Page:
from the Kessler-was-an-optimist dept.
In November, SpaceX sent a request to the FCC to partially revise plans for the company’s satellite internet constellation, known as Starlink. Under SpaceX’s original agreement with the commission, the company had permission to launch 4,425 Starlink satellites into orbits that ranged between 1,110 to 1,325 kilometers up. But then SpaceX decided it wanted to fly 1,584 of those satellites in different orbits, thanks to what it had learned from its first two test satellites, TinTin A and B. Instead of flying them at 1,150 kilometers, the company now wants to fly them much lower at 550 kilometers.
And now the FCC is on board. “This approval underscores the FCC’s confidence in SpaceX’s plans to deploy its next-generation satellite constellation and connect people around the world with reliable and affordable broadband service,” SpaceX president Gwynne Shotwell said in a statement.
"“This approval underscores the FCC’s confidence in SpaceX’s plans.”"
SpaceX argues that by operating satellites at this orbit, the Starlink constellation will have much lower latency in signal, cutting down transmission time to just 15 milliseconds.
The first batch of satellites is already at the launch site and is expected to liftoff sometime in May. SpaceX plans to launch a total of nearly 12,000 satellites to build its Starlink satellite constellation, although most of these will be in higher orbits.
Not everyone was happy about SpaceX’s updated plans, though. OneWeb, another company developing a large satellite internet network, and satellite operator Kepler Communications both filed petitions to deny SpaceX’s request for a change to the FCC. They both argue that since SpaceX uses similar frequencies, the Starlink satellites could interfere with their satellites if moved to a lower orbit. But ultimately, the FCC did not think interference would be an issue.
There are other companies undertaking similar projects. Previously-mentioned OneWeb has already launched the initial six satellites of an eventual buildout of 650 satellites. Amazon has announced its own internet initiative called Project Kuiper which will put another 3,236 satellites in orbit.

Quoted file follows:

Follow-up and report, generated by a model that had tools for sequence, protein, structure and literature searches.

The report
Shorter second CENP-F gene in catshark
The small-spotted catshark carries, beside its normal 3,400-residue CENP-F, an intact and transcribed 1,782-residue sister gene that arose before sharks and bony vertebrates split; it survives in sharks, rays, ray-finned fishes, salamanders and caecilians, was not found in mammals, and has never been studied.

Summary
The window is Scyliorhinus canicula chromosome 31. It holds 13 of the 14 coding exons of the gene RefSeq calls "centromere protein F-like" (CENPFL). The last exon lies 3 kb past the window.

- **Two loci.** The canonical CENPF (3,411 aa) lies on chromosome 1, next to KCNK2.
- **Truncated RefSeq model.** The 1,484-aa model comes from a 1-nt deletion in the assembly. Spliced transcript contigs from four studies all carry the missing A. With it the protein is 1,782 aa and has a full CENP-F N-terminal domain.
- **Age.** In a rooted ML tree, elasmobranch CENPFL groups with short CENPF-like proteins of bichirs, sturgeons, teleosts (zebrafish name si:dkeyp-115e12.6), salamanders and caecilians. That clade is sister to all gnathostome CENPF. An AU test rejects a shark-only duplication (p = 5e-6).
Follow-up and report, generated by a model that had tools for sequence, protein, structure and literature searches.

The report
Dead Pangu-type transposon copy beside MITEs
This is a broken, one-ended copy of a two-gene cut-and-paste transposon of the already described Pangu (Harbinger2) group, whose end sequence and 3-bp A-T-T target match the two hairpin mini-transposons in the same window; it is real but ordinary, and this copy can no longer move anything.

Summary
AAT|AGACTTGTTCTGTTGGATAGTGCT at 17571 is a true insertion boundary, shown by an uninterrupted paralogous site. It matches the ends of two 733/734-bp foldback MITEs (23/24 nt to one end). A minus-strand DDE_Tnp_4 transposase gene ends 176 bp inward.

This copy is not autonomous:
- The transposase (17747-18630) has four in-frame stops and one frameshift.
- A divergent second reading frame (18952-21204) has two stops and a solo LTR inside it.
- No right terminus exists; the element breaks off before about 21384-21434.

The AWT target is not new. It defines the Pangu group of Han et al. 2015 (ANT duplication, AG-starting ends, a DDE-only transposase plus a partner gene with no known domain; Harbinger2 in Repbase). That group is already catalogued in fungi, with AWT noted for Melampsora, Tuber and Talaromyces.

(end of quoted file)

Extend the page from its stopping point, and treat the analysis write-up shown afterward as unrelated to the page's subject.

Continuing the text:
SpaceX has asked the International Telecommunication Union to arrange spectrum for 30,000 additional Starlink satellites. SpaceX, which is already planning the world's largest low-Earth-orbit broadband constellation by far, filed paperwork in recent weeks for up to 30,000 additional Starlink satellites on top of the 12,000 already approved by the U.S. Federal Communications Commission.
The FCC, on SpaceX's behalf, submitted 20 filings to the ITU for 1,500 satellites apiece in various low Earth orbits, an ITU official confirmed Oct. 15 to SpaceNews.
[...] In its filings, SpaceX said the additional 30,000 satellites would operate in low Earth orbit at altitudes ranging from 328 kilometers to 580 kilometers.
[...] It is not guaranteed that, by submitting numerous filings, SpaceX will build and launch 30,000 more satellites. Tim Farrar, a telecom analyst critical of SpaceX, tweeted that he was doubtful the ITU will be able to review such big filings in a timely manner. He sees the 20 separate filings as a SpaceX effort to "drown the ITU in studies" while proceeding with its constellation.
Nothing a Starship can't launch.
Previously: FCC Authorizes SpaceX to Provide Broadband Satellite Services
SpaceX Seeks Approval for 1 Million Starlink Ground Stations, Faces Pentagon Audit
FCC Approves SpaceX Lowering Orbit of Internet Satellites
Related: SpaceX Valued at $25 Billion... and More
SpaceX Starlink Satellite Prototypes Include Packed, Flexible Solar Arrays
SpaceX to Launch 60 Starlink Satellites at Once, and More
SpaceX Satellites Pose New Headache for Astronomers
Most of SpaceX's Starlink Internet Satellites are Already on Track
Three of SpaceX's Starlink Satellites have Failed
Near Collision Between ESA and SpaceX Satellite
After canceling business with Russia's space program, OneWeb is tapping rival SpaceX to help it launch its remaining internet satellites into orbit.
"We are pleased to announce that we have entered into a launch agreement withSpaceX that will enable OneWeb to resume satellite launches," UK-based OneWeb announced on Twitter today. The first launch of the OneWeb satellites using SpaceX rockets is scheduled for sometime later this year, the company added.
OneWeb previously relied on Russia's Roscosmos to launch the satellites. However, the Kremlin's invasion of Ukraine and the ensuing sanctions from Europe caused Roscosmos to essentially retaliate by postponing an upcoming launch of OneWeb satellites.
Roscosmos then demanded the UK government divest itself from OneWeb. In response, the company canceled all launches through Russia's space program.
OneWeb's contingency plan of using SpaceX is a little surprising since both companies are competing in the internet satellite market. This has resulted in some bickering amongst each other in government regulatory filings. Last year, for example, OneWeb accused SpaceX's satellite internet system of colliding with its own.